The Disney Channel is receiving heat after actress/singer Demi Lovato, who got her start on Disney, criticized the network on Twitter last month for not only making fun of eating disorders in its programming but also for employing too-skinny stars in shows geared toward a young audience.

During a 2010 episode in Disney’s Shake It Up, a character joked, “I could just eat you up—well, if I ate.” And in another program So Random, a different character alluded to not eating to keep in shape.

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That’s So Smart: Health Apps for Your Smartphone

People, we’re in a health-technology boom. A new report from Juniper Research found that the number of mobile-health-app downloads in 2012 will reach 44 million. And if current trends continue, that number will jump to 142 million by 2016.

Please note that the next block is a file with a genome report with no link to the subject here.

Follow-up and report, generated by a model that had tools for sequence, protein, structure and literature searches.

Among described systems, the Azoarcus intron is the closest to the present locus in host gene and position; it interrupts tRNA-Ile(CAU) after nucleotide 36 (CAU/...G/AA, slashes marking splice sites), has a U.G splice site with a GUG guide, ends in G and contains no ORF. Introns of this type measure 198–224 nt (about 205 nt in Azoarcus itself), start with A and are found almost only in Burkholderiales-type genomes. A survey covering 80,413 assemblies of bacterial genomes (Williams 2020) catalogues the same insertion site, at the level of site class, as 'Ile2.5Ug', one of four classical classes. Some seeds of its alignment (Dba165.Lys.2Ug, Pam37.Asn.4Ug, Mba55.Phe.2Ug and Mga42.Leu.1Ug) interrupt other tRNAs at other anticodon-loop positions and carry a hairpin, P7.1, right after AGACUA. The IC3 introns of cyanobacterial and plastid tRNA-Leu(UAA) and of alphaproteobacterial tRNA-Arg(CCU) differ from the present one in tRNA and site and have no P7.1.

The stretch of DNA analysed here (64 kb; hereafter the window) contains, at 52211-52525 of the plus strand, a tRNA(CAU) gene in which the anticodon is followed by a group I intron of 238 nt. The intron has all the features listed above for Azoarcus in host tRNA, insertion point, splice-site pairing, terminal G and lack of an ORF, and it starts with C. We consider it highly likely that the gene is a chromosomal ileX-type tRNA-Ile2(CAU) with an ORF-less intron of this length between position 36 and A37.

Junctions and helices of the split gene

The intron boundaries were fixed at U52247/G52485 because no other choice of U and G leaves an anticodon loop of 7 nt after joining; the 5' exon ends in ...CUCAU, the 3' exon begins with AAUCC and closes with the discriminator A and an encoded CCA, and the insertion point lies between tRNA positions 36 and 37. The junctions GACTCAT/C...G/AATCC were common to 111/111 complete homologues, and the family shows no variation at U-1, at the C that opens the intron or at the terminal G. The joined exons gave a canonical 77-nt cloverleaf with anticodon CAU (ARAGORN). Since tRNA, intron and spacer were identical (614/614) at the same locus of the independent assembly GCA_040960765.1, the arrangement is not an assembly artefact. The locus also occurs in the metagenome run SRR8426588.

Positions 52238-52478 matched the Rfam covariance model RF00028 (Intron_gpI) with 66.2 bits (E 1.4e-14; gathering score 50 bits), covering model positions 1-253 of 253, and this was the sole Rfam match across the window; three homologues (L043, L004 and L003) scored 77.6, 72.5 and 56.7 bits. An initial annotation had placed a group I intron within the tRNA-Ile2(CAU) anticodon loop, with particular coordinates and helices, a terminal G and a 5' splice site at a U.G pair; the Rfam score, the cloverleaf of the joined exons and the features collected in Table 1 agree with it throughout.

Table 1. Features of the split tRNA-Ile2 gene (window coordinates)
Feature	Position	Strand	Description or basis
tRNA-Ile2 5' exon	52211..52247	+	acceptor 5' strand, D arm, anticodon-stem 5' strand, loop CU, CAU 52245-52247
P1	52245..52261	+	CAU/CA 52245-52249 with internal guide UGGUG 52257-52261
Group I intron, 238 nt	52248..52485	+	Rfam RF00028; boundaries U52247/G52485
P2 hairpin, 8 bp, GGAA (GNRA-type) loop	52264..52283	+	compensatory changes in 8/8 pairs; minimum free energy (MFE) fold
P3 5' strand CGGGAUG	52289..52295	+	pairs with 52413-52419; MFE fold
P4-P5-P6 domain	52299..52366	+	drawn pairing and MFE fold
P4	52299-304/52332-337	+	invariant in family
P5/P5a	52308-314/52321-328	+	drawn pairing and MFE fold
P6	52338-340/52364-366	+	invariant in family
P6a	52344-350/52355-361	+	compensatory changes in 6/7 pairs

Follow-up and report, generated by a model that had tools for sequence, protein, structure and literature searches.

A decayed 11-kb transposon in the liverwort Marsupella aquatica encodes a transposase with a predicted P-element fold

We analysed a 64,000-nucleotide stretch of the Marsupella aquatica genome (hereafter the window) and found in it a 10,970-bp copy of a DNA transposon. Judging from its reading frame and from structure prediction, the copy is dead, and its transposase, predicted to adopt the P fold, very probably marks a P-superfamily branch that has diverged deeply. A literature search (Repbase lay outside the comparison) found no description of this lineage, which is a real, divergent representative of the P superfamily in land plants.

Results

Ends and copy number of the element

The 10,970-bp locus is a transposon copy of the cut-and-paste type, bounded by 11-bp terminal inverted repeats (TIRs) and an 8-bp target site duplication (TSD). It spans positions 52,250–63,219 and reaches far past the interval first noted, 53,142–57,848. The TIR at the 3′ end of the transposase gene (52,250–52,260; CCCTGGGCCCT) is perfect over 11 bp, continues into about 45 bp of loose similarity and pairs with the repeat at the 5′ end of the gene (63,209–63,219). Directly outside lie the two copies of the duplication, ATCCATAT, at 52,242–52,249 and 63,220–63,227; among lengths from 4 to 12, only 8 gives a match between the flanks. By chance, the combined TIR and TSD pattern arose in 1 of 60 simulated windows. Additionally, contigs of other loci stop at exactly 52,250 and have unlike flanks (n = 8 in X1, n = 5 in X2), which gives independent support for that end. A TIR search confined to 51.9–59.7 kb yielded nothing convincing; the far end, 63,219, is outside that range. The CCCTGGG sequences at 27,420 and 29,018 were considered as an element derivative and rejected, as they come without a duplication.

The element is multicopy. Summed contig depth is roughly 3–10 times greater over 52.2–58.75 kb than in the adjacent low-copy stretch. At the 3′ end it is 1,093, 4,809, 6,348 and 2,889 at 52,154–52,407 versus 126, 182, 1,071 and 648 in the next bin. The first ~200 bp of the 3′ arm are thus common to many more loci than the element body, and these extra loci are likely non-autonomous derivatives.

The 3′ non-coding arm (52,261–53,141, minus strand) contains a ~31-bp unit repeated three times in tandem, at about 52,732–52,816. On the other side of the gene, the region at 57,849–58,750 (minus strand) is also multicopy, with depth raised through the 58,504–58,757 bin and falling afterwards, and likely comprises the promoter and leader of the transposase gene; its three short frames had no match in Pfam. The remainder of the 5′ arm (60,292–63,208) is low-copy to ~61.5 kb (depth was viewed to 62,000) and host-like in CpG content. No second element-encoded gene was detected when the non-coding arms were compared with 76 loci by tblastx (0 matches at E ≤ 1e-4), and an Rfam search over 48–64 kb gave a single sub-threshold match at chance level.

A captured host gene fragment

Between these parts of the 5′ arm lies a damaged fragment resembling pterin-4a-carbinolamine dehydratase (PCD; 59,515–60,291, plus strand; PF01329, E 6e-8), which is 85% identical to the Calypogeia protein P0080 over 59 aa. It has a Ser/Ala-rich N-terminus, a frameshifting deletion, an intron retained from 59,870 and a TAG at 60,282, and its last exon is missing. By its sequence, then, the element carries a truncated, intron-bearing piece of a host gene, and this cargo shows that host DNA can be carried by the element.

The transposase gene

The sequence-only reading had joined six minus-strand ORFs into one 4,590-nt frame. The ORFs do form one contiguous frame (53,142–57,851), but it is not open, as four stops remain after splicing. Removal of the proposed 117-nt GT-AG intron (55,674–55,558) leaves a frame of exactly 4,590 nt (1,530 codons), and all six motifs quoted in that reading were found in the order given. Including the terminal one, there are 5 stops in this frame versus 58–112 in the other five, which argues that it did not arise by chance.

Want in on the trend now? From radiology imaging to tracking your glucose levels, here are some neat high-tech health apps that will improve your day-to-day.

OsiriX HD
$29.99 (iPhone)

With an app that displays radiology imaging, healthcare professionals can now access a brain MRI on their iPhone. Last year, OsiriX was shown in a study to accurately diagnose acute appendicitis, turning the technology into a doctor’s new best friend.

Tap & Track
$3.99 (iPhone)

By factoring in your lifestyle, you can calculate the number of calories you should be eating each day. And with personalized graphs and reports alongside nutritional information from over 500,000 food items, it won’t be hard to meet your weight-loss goals.